McInenly said the DNR will focus on permit areas in southeastern Minnesota during 2014 to test out additional communication tools and input opportunities.

Deer permit areas to be evaluated include areas 341, 342, 343, 344, 345, 346, 347, 348 and 349.

The DNR hopes to complete goal setting for the rest of the state by 2017.

Similar to past deer goal setting processes, a citizen advisory team will be convened to develop permit area recommendations.

In addition to recent hunter and landowner surveys conducted in the southeast, members of the public will be asked for input through online and in-person comments prior to the advisory team meetings.

A timeline, with opportunities for public input, is available on the deer management page at www.mndnr.gov/deer.

Nominations for advisory team members will be collected through Dec. 31.

Public input will be collected online and through meetings during January and February.

“Our public participation process has been designed to include input from anyone who has an interest in deer management,” McInenly said. “Citizen-team members will also be selected to represent the range of public interests, including hunting, wildlife viewing, natural resource management and local business interests.”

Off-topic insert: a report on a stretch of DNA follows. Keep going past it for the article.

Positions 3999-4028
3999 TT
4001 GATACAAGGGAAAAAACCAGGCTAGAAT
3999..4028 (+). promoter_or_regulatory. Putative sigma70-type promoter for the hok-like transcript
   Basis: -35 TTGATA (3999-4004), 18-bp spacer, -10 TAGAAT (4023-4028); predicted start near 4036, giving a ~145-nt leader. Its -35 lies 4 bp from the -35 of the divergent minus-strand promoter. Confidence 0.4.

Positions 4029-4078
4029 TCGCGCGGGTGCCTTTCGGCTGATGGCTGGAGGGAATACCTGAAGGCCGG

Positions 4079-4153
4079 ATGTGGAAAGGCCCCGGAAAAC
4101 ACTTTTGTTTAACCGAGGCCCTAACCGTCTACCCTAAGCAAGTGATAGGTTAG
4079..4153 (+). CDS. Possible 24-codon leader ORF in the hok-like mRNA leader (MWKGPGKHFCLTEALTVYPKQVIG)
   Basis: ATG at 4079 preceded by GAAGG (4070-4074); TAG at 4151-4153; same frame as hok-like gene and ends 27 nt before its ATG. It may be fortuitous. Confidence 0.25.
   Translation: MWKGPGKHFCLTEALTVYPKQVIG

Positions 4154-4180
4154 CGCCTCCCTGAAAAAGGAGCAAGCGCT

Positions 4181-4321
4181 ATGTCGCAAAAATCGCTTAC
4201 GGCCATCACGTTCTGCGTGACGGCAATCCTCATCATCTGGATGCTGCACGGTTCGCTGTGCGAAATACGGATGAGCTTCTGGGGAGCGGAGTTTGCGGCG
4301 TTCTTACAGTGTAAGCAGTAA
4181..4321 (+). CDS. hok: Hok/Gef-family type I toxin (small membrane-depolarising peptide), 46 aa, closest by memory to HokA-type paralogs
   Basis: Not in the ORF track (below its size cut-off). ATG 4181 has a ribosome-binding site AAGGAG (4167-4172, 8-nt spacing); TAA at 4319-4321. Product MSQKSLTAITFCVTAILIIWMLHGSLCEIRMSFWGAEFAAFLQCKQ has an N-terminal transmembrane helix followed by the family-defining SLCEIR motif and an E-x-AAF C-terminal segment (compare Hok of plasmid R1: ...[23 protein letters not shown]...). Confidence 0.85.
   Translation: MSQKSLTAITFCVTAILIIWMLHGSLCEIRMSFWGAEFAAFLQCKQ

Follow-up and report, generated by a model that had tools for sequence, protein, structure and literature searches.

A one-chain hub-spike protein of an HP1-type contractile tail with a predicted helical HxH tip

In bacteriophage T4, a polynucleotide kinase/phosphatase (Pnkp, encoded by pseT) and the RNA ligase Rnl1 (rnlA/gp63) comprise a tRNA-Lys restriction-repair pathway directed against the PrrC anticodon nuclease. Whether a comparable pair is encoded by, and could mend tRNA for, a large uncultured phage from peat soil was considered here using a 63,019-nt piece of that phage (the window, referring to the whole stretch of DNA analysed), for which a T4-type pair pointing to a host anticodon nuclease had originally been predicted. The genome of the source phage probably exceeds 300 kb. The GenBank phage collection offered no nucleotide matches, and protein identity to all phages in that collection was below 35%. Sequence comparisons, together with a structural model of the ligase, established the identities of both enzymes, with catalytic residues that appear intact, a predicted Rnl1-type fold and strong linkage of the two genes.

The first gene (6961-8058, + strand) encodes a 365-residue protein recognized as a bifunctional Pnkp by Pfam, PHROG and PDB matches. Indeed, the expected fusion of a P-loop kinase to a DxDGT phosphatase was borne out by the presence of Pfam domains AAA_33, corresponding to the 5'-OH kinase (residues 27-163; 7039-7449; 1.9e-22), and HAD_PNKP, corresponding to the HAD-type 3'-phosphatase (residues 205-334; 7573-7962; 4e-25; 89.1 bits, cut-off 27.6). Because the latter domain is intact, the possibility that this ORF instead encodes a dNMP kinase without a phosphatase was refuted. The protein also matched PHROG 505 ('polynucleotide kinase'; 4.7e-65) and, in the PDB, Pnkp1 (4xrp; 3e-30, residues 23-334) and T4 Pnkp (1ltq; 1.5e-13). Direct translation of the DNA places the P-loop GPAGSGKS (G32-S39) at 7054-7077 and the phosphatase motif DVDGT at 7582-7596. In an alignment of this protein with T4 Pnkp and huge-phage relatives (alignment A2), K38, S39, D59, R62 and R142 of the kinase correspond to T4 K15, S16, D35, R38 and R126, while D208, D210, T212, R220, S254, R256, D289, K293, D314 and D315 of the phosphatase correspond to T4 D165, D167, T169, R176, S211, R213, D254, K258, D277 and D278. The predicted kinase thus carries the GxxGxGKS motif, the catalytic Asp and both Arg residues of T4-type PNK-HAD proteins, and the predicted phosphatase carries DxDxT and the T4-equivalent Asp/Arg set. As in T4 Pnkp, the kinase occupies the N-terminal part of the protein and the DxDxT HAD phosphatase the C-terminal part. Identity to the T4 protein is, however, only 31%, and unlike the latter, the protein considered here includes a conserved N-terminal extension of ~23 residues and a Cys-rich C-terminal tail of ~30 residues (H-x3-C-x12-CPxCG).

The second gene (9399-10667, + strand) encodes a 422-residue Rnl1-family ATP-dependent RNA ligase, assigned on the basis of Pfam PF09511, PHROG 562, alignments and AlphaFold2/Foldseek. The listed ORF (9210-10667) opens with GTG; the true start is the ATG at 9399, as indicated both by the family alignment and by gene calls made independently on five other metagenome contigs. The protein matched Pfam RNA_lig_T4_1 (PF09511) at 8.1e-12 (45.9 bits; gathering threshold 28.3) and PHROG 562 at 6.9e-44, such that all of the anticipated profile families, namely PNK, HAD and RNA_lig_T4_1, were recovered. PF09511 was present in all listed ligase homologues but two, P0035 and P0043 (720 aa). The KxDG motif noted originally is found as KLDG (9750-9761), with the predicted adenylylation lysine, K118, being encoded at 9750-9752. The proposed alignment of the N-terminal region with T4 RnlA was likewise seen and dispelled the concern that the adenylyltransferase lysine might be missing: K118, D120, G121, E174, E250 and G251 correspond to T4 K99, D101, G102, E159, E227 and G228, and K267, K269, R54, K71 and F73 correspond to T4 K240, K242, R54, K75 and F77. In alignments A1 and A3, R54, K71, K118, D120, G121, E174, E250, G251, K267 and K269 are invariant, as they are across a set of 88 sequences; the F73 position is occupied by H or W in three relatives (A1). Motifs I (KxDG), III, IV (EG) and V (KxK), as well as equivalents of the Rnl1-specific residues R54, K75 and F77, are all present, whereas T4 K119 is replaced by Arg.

McInenly encouraged stakeholders to start thinking about deer management and factors that should be considered during the upcoming process.

Minnesota’s deer population has swung significantly during the past 50 years.

In 1971, for example, the state closed the deer hunting season because the population was too low.

The DNR rebuilt the deer herd through tighter hunting regulations during the following decades.

The deer harvest peaked at 290,000 in 2003 as the agency began to reduce deer numbers.

Last year’s harvest was about 185,000, down 4 percent from the previous year and 22,000 fewer than the 2010 harvest.

Deer managers set deer density goals based on the broad range of public interest in deer.

Deer are capable of achieving high densities so generally are managed at a level of social tolerance rather than managed for the maximum number that habitat can support.

This approach involves balancing desires of hunters, wildlife watchers and others who may support higher deer densities with those of farmers, foresters or others who experience conflicts with deer who may favor lower deer densities.

White-tailed deer are an important resource to the state of Minnesota.

Nearly 500,000 individuals hunt deer and countless other people enjoy viewing deer in the state.